How to apply for a credit card with no

How to apply for a credit card with no credit

There’s a huge array of credit card options on the market. Whether it’s a credit card that offers cashback or one that offers 0% on purchases, it’s crucial to know what to look out for when applying for credit.

Here are five steps on how to apply for a credit card, along with tips on what to bear in mind at each stage:

First of all, it’s vital to assess what you need a credit card for.

You might be trying to clear an existing debt and therefore require a 0% balance transfer card, or you might want to receive something back on your spending through a cashback or reward card.

If you’re unsure what type of card you need, our handy credit card decision tree can help guide you.

When you apply for a credit card all providers run a search on your credit history to see if you’re a suitable candidate. The better it is, the more likely you are to be accepted for the best deals.

It’s therefore a good idea to check your credit history with a credit reference agency such as Experian or Equifax before you apply for a credit card.

This will help avoid any surprises and also give you a chance to correct any mistakes. You can also take steps to improve your credit score should you need to - you can find some top tips on how to do this here.

If you’re unsure what type of card you need, our handy credit card decision tree can help you make your mind up.

Be wary of simply ploughing ahead and applying for a credit card as this will leave a print on your credit file, and if the provider rejects your application you may find it harder to get accepted by others.

Using an eligibility tool such as MoneySuperMarket’s Smart Search before you make your application allows you to compare credit cards and shows you which ones you’re most likely to be accepted for, so you can make your full application more confidently.

Importantly, it won’t leave a mark on your credit file.

4. Be aware you might not get the rate/deal advertised

Credit cards are becoming more and more competitive. However, by law, only 51% of applicants need to qualify for the rates or deals on offer in order for providers to advertise them. That means a large chunk of applicants won’t qualify.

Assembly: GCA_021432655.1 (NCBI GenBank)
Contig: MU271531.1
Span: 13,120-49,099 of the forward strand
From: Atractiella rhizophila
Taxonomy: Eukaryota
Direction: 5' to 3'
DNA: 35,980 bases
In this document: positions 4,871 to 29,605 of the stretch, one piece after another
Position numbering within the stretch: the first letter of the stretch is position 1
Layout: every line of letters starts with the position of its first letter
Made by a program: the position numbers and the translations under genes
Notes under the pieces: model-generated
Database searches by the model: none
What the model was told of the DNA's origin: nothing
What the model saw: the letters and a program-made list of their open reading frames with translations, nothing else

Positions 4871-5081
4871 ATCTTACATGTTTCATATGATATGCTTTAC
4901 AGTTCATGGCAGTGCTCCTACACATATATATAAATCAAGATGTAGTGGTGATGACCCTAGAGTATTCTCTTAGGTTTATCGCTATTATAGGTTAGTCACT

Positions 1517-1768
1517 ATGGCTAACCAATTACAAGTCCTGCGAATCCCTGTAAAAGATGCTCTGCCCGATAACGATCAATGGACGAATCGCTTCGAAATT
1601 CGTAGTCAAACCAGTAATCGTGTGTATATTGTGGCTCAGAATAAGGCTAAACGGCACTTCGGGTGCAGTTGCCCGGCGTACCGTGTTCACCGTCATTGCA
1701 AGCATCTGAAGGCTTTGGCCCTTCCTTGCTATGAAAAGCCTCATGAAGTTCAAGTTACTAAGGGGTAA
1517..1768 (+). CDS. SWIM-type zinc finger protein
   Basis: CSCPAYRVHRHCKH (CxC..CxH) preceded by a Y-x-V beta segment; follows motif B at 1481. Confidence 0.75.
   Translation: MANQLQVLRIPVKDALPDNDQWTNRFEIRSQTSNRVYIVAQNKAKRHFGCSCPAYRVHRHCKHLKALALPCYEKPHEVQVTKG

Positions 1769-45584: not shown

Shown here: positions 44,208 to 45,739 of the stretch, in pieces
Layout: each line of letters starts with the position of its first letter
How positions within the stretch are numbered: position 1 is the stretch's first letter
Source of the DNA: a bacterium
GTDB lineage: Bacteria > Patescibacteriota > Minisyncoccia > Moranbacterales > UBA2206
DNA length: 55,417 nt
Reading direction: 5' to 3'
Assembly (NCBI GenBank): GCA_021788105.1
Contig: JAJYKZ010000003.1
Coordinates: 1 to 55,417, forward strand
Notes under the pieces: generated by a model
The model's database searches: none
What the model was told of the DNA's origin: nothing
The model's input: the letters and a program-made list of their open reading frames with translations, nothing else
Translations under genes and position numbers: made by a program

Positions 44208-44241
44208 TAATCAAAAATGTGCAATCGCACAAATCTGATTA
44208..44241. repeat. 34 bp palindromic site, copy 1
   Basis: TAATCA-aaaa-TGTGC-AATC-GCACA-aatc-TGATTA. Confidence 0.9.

Instead, you might be offered a shorter 0% purchase or balance transfer deal or a higher rate of interest – or annual percentage rate (APR). This is the official rate used for borrowing and takes into account the interest on the amount lent as well as other charges (such as annual fees).

If you are offered a higher interest rate or shorter 0% deal, you are not obliged to accept it and it’s always worth shopping around to see what other rates and deals are being offered by other providers.

Once you’ve found the card you want to apply for, it’s time to fill in the application form. This is easy to do online through our comparison tables on MoneySuperMarket.

Be sure to complete your details as honestly and thoroughly as possible.

If you don’t want to apply online, you can often apply using a direct mail pack, over the phone or by popping in to your local bank branch. Just be aware some of the best deals are only offered online.

If your application is declined, it could be worth getting a copy of your credit file to find out why, and consider alternative options.

Alternatively, if it’s good news, simply sit back and wait for your card to arrive – typically, this takes between 10 and 14 days, although it can be longer.

“How to Apply for a Credit Card Online” – (4 Steps, 5 Best Cards)

How to apply for a credit card with no credit

By: Lauren Keys • July 29, 2016

Opinions expressed here are ours alone, and are not provided, endorsed, or approved by any issuer. Site may be compensated through the issuer affiliate programs.

It wasn’t until I finally saw my name printed along the bottom of my first credit card that I realized the process of applying wasn’t as difficult as I once believed. Since that day, I’ve applied and been approved for over 50 credit cards.

Using what I’ve learned from my personal experiences, this guide will walk you through the necessary steps for getting a new credit card in your wallet as quickly and easily as possible. Because your credit rating ultimately determines which cards you’ll be approved for, I’ve also rounded up the best credit cards to apply for based on your current credit score.

While there are a few different ways to apply for a credit card, the credit card companies have made it extremely easy to apply online. Depending on your credit score, you may find that you’ll receive a response sooner when you apply for a credit card online than through other methods such as regular mail or over the phone.